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    Originally Posted by Phokus
    Why are training lats important for your bench? Aren't lats used for pulling?

    And I do pullups and rows to train my lats... is that good enough?
    As I understand it they provide greater stability for pressing heavy weights.

    From Dave Tate:
    "Train the lats on the same plane as the bench.

    I'm talking about the horizontal plane here. In other words, you must perform rows, rows, and more rows. "If you want to bench big then you need to train the lats." I've heard both George Hilbert and Kenny Patterson say this for years when asked about increasing the bench press. When you bench you're on a horizontal plane. So would it make sense from a balance perspective to train the lats with pulldowns, which are on a vertical plane? Nope. Stick to the barbell row if you want a big bench."
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    Originally Posted by _Dominik_
    As I understand it they provide greater stability for pressing heavy weights.

    From Dave Tate:
    "Train the lats on the same plane as the bench.

    I'm talking about the horizontal plane here. In other words, you must perform rows, rows, and more rows. "If you want to bench big then you need to train the lats." I've heard both George Hilbert and Kenny Patterson say this for years when asked about increasing the bench press. When you bench you're on a horizontal plane. So would it make sense from a balance perspective to train the lats with pulldowns, which are on a vertical plane? Nope. Stick to the barbell row if you want a big bench."

    Alright thanks... i guess that makes sense. So having bigger lats will spread the weight out over a bigger area, is that the reasoning?
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    Originally Posted by Phokus
    Alright thanks... i guess that makes sense. So having bigger lats will spread the weight out over a bigger area, is that the reasoning?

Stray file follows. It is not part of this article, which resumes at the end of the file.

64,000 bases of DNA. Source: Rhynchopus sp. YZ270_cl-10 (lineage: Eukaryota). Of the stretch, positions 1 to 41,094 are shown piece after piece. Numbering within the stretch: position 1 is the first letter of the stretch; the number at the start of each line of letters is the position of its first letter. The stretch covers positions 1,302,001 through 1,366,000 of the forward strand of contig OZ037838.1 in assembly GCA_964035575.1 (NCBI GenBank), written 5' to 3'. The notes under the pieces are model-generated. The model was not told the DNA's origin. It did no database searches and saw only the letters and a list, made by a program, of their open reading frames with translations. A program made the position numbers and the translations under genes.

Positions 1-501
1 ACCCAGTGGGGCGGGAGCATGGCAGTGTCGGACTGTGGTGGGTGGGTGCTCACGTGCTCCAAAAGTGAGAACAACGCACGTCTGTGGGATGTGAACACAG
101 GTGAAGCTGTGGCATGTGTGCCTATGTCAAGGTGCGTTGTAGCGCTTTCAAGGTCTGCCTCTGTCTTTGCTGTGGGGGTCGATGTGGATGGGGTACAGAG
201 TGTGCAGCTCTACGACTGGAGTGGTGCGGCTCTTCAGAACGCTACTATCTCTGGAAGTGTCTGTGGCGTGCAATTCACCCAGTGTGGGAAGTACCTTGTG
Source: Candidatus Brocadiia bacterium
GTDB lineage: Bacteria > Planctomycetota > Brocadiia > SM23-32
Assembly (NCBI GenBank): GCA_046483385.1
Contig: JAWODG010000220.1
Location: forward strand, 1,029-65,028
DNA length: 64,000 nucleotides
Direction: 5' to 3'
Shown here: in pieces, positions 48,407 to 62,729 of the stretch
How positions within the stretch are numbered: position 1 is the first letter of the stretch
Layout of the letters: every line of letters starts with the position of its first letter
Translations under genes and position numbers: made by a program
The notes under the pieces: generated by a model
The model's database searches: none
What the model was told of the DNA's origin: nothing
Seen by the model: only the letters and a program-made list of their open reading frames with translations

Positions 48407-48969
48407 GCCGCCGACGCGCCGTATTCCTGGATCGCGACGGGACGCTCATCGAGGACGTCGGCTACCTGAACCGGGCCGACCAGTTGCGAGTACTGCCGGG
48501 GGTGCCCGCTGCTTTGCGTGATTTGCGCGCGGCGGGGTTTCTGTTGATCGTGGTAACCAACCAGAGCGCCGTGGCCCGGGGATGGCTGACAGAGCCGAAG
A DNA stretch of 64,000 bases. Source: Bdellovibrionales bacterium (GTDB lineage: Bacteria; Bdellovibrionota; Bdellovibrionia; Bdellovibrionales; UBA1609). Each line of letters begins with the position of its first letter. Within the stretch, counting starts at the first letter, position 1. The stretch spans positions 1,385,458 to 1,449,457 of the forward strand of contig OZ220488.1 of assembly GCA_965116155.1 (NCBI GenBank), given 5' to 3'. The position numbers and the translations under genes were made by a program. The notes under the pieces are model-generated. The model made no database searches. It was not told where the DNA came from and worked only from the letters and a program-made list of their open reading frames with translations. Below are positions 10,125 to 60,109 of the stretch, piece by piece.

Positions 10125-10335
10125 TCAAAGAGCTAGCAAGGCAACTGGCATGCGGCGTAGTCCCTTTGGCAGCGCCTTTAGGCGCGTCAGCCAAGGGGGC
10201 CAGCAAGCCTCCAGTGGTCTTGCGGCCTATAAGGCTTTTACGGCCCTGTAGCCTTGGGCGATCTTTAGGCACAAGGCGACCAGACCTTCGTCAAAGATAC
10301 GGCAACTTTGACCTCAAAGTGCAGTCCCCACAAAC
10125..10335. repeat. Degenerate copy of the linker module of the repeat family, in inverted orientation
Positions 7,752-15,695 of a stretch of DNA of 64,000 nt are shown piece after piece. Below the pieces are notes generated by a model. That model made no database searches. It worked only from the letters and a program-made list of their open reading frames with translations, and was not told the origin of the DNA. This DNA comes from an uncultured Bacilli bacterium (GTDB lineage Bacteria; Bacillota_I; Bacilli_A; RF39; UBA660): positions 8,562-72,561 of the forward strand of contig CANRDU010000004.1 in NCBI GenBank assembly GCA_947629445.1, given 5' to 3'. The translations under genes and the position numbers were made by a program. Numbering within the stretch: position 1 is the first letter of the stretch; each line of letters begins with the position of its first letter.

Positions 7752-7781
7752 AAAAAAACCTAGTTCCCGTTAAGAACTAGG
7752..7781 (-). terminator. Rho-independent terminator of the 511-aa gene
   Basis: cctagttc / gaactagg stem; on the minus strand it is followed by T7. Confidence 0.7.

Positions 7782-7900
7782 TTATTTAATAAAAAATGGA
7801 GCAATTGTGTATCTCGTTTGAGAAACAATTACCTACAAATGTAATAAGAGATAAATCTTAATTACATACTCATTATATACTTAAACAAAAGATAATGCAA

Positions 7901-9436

No... not really. The width of the bench you are using determines how stable you will be, plus in good benching form you are pulling your shoulder blades together which narrows your back. Lats are used to stabilize your shoulder girdle. The more stable your shoulders are, the more energy that can be directed into the press. Lat size is not necessarily going to make you a better bench presser... lat strength, will.

    If you want to be strong, you need to train for strength. sets of 8-10? No no no no no...oh, and no. Can a 225 press be accomplished at the weight of 150? Yeah. No problem. I was pressing much more than this at only a slightly heavier body weight. 285 at a weight of 155 for a single... to be followed by 315 at 165lbs and 405 at 185lbs. Now, do you think when I hit 405 max that MAYBE I could press that 225 all day?

    Here are my suggestions to the OP. Look into a good powerlifting program. In fact, pick your happy typing fingers up and march over to the powerlifting forum and ask this same question. Bet your answers will be different, and far more useful.

    Best of luck to you, OP. Not a hard goal to achieve, but one to be proud of.
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    Registered User andyteh's Avatar
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    Smile

    Originally Posted by AlxandrTheGreat
    Dont you mean two plates, or 225lbs being the bench-mark?
    Thanks for the replies guys and yes,I means 2 plates or 225 lbs :P

    So I guess without adding bodyweight,it is possible but it will take much longer than if you add 20 pounds of bodyweight.

    I think I just try to do it without adding bodyweight first,by adding a little weight (2.5 lbs) every week to my bench press and see how it goes

    Cheers!!
    Andy
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    225 lbs by no means is out of the question. I've been repping out sets of 225 lbs for quite some time and was pressing it at my lowest weight of around 137 lbs. I'm up to 155lbs now and have successfully repped out a set of 295x5 reps. I've been working chest with 5x5s and have seen alot of improvement. Of course your height is gonna factor in a bit. I'm only about 5'8". My goal is to rep 3 plates, 315 lbs but i'm cutting now so it won't be for awhile. Hopefully by mid-winter when i'm a couple months into my bulk i'll hit it. But i'll probably be 10lbs heaver by then too. But i'd so push for it. Gotta have goals, and 2 plates is definitely an accomplishment. I've seen guys probably hittin close to 200lbs in my gym barely get a set of 225lbs out with decent form. I personally like having a high strength to weight ratio. Its decieving to people, and i like that.
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    When I used to lift for strength I did this routine and would gain 5-15 pounds on my max each month

    Bench Press
    Warmup 15 reps
    8,6,4,3,2,1,4

    Incline Bench Press
    3x5

    Weighted Dips 3x Burnout

    I did this twice a week.

    Lastly, read first line of my sig.